It was interesting to them, like a view of an alien culture. They said they didn’t quite believe what they were seeing or understand what they were hearing. They went home earlier than they had planned, to see some of their favorite programs.
Since our children have almost no background in television, they are not caught up in fashions of clothing, speech or values, as are many other children. Consequently, they don’t speak quite the same language as most other children. This hasn’t handicapped them. They are interesting to their peers because of their difference, and usually, good communication comes from mutual exploration of the differences.
Sometimes people tell us we are missing opportunities for education and opportunities to broaden our lives.
Yesterday, I saw twenty six different kinds of wildflowers in bloom. I watched a bluebird hover in flight. Before I saw that, I wasn’t aware that a bluebird could do that, and I was fascinated to learn about it by observing it.
Recently, my daughters and I watched a large bull elk grazing in the lower pasture, from less than a hundred yards away. He was not afraid of us. I listened to my older daughter, responding to her own desire and discipline, practice violin and my younger practice piano. I heard my younger daughter sing the newest song she has written. As her songs almost always do, the song startled me because of its depth of feeling and beautifully developed language and music. At the same time that I ask myself, how can a 12 year old evidence such depth and such profound humanness, I know the answer-- we all can. We are all that deep, complex, and creative, if we don’t shut ourselves down.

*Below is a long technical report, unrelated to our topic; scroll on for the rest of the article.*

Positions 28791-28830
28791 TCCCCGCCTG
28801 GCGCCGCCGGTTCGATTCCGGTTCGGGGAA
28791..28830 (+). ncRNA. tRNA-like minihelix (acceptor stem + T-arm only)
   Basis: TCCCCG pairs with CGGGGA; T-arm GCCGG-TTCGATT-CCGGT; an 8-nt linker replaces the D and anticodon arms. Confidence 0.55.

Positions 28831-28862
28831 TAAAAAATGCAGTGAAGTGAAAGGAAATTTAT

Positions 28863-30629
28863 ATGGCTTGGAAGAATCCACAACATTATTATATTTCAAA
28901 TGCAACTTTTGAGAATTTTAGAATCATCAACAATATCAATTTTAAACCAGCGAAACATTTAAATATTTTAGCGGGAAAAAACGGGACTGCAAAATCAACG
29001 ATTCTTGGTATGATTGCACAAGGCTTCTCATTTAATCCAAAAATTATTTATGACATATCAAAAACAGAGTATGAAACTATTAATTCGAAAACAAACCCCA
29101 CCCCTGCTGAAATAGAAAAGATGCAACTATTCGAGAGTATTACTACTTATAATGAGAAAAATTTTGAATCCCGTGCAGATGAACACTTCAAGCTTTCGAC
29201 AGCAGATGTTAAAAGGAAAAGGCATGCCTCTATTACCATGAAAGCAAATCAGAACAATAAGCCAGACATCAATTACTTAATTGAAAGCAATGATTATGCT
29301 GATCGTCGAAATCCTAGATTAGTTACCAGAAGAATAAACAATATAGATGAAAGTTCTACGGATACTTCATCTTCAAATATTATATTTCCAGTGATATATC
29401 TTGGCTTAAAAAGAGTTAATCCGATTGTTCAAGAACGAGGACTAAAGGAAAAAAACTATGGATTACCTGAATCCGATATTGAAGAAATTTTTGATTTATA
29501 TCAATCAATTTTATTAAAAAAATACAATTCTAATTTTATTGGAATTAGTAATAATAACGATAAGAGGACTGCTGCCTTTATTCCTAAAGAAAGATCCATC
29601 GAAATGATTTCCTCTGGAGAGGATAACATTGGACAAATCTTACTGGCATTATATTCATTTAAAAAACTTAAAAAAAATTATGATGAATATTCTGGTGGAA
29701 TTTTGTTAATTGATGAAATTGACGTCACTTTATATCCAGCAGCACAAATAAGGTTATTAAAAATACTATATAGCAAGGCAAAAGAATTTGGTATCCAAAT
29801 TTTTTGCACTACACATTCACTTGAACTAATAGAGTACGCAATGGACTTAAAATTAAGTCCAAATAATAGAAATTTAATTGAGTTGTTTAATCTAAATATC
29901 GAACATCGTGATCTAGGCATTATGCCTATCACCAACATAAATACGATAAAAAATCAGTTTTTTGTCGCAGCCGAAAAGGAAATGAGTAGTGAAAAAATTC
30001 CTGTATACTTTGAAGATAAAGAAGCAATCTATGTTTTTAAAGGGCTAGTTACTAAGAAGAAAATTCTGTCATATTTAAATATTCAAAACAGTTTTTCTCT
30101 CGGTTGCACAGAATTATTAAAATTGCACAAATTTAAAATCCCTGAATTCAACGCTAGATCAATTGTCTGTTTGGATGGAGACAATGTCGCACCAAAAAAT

After Amanda sang her song, she and I sang several songs together. She read a chapter of a book to Laura, as Laura washed dishes. Juniper read a chapter from another book for the family during our reading time. We each read or made up a story for the others just before bedtime. I wrote for about 2 hours after everyone else went to bed. I also worked an eight hour shift of light to strenuous labor.
We aren’t gifted with an unusual amount of energy. We’re gifted with an unusual amount of time, because we don’t television. The choice I made when television and I were growing up concurrently, to remain largely uninvolved with it, helped me into a life rich with energy and imagination, and I think Amanda and Juniper’s freedom from television has led to a richer existence for them than many children achieve.
When child development experts say enrich your child’s environment, they don’t mean just present them with colors and gadgets and mechanical routines of learning. They mean enrich the environment with love, with the parents supporting, teaching, reverencing the children, and being there to fulfill the children’s needs.